If you run Breadth First Search with multiple start points you can calculate the distance to the nearest point.

Nairou on StackExchange asked how to calculate the distance to the nearest obstacle in a single pass. One answer is Breadth First Search. Usually in pathfinding we initialize the open set with a single start point, but when calculating the distance to the nearest obstacle, we consider each obstacle a start point. Here’s a quick & dirty demo. Click to cycle among: open space (beige/blue), start point (green), and wall (gray)

Here’s some Python code:

```frontier = Queue()
cost_so_far = {}

# Set the distance to 0 at all start points
for s in start:
frontier.put(s)
cost_so_far[s] = 0

# Expand outwards from existing points
while not frontier.empty():
current = frontier.get()
for next in current.neighbors():
if next not in cost_so_far:
cost_so_far[next] = cost_so_far[current] + 1
frontier.put(next)```

Here’s another demo, showing how it works in mazes (based on this). I marked intersections as start points (green) and then marked entrances to the big room on the left, but you can mark anything you want:

Here’s another demo, showing that if in addition to the distance, you keep track of which seed point that distance is based on, you end up with a L1 Voronoi diagram that tells you which seed is closest to each point. Unlike a Voronoi diagram, this can work with obstacles. For example you could set up an uncrossable river and calculate country boundaries based on distance to their capitals, but not crossing rivers.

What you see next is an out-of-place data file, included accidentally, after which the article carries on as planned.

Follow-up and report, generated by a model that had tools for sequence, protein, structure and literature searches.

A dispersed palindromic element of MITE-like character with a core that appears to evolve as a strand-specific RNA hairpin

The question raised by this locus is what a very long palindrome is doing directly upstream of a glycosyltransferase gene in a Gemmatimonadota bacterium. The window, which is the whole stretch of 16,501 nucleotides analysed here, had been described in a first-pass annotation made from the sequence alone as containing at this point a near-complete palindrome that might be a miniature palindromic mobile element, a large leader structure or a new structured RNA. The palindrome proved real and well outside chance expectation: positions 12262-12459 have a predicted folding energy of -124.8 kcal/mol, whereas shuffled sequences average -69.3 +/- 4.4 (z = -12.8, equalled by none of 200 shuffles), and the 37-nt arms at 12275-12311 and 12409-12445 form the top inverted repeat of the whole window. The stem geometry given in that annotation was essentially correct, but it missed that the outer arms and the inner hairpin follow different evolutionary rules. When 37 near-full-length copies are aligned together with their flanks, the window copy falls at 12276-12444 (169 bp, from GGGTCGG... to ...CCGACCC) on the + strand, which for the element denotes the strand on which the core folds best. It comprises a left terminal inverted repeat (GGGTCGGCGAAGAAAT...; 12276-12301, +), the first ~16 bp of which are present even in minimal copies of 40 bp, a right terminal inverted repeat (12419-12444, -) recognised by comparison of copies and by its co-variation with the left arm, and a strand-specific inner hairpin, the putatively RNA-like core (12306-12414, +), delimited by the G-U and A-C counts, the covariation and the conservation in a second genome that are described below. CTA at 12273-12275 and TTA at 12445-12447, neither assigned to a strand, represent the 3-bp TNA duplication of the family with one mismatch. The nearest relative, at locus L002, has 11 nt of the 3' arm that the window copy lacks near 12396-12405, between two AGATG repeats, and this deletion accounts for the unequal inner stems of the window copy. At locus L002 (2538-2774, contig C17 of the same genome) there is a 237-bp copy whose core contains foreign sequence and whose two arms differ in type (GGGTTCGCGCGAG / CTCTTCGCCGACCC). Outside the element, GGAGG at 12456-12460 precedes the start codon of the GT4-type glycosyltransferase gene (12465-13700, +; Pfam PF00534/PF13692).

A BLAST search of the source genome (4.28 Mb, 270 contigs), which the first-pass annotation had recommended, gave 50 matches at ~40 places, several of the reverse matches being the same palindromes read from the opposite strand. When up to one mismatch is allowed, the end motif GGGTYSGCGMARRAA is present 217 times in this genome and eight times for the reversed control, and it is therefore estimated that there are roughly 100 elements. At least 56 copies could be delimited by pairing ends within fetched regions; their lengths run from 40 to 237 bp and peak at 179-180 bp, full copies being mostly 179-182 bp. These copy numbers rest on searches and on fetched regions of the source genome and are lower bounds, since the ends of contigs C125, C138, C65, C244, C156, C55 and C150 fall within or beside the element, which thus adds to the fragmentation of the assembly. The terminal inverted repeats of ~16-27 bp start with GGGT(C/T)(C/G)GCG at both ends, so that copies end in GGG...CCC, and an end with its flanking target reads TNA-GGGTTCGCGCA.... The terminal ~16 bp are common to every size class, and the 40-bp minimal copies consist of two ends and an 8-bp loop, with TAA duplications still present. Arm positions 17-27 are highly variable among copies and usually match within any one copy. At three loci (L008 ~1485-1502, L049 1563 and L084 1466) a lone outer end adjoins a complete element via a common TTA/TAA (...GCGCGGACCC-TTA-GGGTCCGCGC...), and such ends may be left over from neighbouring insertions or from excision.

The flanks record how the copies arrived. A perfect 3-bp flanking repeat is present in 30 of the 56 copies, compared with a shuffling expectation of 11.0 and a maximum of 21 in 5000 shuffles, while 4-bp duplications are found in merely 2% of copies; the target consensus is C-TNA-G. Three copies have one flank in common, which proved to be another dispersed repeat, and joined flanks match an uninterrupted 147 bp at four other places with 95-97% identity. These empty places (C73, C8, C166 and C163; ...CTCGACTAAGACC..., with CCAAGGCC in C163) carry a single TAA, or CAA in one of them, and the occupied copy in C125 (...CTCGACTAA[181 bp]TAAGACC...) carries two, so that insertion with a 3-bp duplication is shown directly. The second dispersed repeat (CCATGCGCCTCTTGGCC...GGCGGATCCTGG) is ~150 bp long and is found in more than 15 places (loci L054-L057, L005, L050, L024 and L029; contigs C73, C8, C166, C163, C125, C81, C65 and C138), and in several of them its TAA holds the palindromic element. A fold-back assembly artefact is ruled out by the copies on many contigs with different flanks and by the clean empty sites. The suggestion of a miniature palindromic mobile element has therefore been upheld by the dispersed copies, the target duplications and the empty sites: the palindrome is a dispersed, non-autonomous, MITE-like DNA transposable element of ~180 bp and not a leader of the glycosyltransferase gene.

```frontier = Queue()
cost_so_far = {}
seed = {}

# Set the distance to 0 at all start points, and
# each start point is its own seed
for s in start:
frontier.put(s)
cost_so_far[s] = 0
seed[s] = s

# Expand outwards from existing points
while not frontier.empty():
current = frontier.get()
for next in current.neighbors():
if next not in cost_so_far:
cost_so_far[next] = cost_so_far[current] + 1
seed[next] = seed[current]
frontier.put(next)```

The same technique works on a polygon mesh.

There are other algorithms, some of them more easily parallelizable or GPU-friendly than Breadth First Search. See Distance Transform on Wikipedia. For Euclidean distance instead of Manhattan Distance, see 2D Euclidean Distance Transforms: A Comparative Study (PDF).